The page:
Elm is a great language for folks to learn functional programming. Elm was the first functional programming language I've learned, and is great for teaching fundamental concepts and paradigms used when creating single-page web applications!
I use Elm for all my personal projects where I need a frontend framework (instead of React for example). Elm's development is "slow" compared to other languages but this makes it even more appealing to me.
I am drawn to Elm because it is a safe, reliable, and refactorable alternative to building webapps. It's an approachable language that not only supports the dynamic nature of greenfield projects, but it can also be adopted in small steps within legacy apps implemented in other front-end solutions.
I love everything about Elm. My days are spent programming in Elm as a professional, my weekends are spent working on open source Elm projects and packages. I'm a member of the Elm core team and you can always find me on the Elm-lang Slack!
If it compiles, it will work forever. I've never written applications with fewer runtime errors than I have in Elm. Don't let the learning curve disuade you, once you're proficient in Elm you won't look back.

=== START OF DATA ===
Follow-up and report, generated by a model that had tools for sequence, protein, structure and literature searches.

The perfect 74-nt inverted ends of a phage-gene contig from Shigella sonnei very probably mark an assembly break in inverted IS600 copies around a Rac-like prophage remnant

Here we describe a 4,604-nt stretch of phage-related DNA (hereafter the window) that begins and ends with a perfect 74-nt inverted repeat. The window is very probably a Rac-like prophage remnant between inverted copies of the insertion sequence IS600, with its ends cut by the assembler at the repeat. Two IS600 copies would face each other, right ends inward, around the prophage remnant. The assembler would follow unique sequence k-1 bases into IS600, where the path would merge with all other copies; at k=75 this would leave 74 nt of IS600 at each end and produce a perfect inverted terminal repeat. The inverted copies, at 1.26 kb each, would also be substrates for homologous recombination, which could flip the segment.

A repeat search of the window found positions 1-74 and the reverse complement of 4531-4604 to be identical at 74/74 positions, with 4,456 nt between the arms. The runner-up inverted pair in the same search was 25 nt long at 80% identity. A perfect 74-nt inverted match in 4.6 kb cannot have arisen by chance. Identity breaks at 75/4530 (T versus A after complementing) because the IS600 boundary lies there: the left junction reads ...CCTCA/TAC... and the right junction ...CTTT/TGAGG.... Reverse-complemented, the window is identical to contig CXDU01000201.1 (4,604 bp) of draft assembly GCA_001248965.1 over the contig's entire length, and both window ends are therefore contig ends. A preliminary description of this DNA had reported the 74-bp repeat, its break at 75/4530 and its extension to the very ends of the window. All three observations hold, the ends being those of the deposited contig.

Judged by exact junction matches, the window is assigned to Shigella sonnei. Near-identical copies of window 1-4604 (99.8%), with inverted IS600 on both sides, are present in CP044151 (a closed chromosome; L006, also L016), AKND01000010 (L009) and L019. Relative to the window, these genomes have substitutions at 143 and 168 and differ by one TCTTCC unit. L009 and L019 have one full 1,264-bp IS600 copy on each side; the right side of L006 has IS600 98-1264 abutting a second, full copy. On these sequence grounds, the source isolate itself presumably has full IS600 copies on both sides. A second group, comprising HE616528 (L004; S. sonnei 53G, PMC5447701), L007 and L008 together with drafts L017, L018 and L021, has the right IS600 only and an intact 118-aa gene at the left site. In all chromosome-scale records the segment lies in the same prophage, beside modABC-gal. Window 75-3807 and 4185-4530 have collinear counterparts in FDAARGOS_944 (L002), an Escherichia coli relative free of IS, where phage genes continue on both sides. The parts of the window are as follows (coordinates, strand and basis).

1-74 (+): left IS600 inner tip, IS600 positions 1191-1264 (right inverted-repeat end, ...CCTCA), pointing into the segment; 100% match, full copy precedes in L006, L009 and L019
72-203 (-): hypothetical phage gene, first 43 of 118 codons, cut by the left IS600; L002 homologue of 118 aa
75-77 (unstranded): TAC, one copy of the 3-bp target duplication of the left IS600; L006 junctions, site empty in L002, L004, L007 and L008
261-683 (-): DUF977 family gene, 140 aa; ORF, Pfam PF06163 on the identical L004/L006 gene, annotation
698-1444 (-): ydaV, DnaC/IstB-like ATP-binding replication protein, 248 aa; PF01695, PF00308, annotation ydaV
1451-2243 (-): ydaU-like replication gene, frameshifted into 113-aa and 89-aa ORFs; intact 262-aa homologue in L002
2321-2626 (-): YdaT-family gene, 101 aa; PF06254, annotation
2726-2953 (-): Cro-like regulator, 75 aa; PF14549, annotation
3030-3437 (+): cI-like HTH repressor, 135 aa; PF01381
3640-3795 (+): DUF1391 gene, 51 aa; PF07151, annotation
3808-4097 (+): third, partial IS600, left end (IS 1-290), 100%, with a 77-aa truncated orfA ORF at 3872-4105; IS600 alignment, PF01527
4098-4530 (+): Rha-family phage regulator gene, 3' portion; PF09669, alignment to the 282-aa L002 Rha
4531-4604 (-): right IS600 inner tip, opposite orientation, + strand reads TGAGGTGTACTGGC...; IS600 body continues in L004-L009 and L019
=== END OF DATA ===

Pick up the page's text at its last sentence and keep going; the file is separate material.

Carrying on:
I worked with Elm professionaly and I love it! Trusting the language is such a relief on your mind, as a developer you can really start to express yourself and let the code flow, the compiler will watch your back!
I'm a software lead / architect / manager type thing and I have a strong focus on code quality. Elm is the first functional language I've learned and it's impressively easy. The language has a strong focus on simplicity and a single recommended way of doing things, which is a refreshing change in the Front End world. It sits very well in it's target niche, and the runtime essentially provides an impure abstract syntax tree interpreter, leaving all your code 100% pure / functional. There is a strong and vibrant community, which is both innovative and supportive to newcomers.